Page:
The Cropwalker - Volume 1 Issue 7
Always read and follow label directions.
Choosing Hybrids for 2019
Okay, so, everyone is talking about the problem with vomitoxins in the 2018 crop. Lots of theories about why, what, etc. But now you have to get on and pick hybrids for 2019. Especially to get early order discounts. There are some hybrids that some believe are less susceptible to vomitoxins. They will sell out early. Suggest you trust your local dealer. They have seen the good and the bad from their company, and of the hybrids in their area. They are not apt to sell you a hybrid that had problems this year. If you look far enough you can probably find bad fields of most hybrids. No problem with talking to two or three companies. This is a year where I would want to deal with experienced seed dealers. I want to deal with someone who knows more about hybrid traits than volume discounts. I want someone who will be around for a few years, especially next year if something bad happens. You normally pick hybrids of different maturities anyways, since you never get all your corn planted on one day. That strategy should give different hybrid characteristics; including flowering times. I probably would not pick a hybrid with tight husks, unless bird damage is a big issue. But pick your hybrid now, while there is good seed availability. Most companies will allow you to switch hybrids later, if something comes out later, suggesting that you picked the wrong hybrid. Provided they still have seed of the hybrid you want to switch to.
Pitfalls of Planning 2019 Season
Do not spend a lot of time worrying about vomitoxins from the 2018 season. That is over. Two years ago, too much time was spent talking about neonics. Last year too much time was spent about Western Bean Cutworm. Or was it the other way around. I don’t remember now, and you probably don’t either. Point is that during all that time we could have been discussing things that really make corn grow, like fertility, populations, rotation. Besides odds are that vomitoxins will be a lot smaller issue in 2019.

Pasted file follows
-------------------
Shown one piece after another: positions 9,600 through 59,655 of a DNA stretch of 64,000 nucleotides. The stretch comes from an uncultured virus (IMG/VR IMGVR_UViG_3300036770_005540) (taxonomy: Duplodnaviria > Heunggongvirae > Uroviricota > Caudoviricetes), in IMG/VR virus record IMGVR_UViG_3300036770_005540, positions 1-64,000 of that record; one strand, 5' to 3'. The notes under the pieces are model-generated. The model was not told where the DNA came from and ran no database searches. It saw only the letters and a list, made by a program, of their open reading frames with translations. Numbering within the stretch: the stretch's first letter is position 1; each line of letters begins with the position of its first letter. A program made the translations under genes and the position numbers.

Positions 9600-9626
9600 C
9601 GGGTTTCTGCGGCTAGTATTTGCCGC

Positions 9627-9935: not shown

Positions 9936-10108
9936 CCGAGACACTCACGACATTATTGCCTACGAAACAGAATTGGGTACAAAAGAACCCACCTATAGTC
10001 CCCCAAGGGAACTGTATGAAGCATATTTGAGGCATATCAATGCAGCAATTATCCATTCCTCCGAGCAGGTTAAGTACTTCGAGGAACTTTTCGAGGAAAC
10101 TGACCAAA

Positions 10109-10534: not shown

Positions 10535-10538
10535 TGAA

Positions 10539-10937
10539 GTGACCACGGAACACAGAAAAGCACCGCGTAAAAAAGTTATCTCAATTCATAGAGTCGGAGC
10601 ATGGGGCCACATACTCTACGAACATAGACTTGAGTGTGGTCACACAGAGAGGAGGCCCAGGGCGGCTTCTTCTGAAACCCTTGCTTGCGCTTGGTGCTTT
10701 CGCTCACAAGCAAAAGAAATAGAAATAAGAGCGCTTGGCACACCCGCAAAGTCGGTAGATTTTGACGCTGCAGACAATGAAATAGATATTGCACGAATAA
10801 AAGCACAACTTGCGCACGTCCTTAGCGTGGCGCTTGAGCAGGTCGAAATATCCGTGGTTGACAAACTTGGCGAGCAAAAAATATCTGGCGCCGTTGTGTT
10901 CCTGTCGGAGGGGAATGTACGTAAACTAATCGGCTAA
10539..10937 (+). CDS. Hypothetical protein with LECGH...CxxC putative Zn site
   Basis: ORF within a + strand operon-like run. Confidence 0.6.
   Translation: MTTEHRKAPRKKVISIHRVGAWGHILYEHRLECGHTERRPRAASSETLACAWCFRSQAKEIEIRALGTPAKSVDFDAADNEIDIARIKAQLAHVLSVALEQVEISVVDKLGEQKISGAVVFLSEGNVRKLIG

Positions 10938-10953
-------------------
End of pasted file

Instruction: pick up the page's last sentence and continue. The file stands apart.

A Bit More on Vomitoxins
If you haven’t read enough already here is a bit of a summary. There are about 100 toxins produced by moulds in corn. You need certain weather and growing conditions to have these moulds develop. They (moulds) start many years but never get a chance to produce the toxins. Of all the toxins produced we zero in on DON. Other bad ones include zearalenone and aflatoxin. Some US states test for aflatoxin. From my corn breeding background all traits are genetic by environment. That is, you need specific genetics and specific environment to produce certain traits. Probably the most well documented is purple leaf in corn. Certain hybrids carry the trait to produce purple leaves if they encounter certain environments. Typically, cold or another stress. Under certain conditions hybrids will allow mould to grow.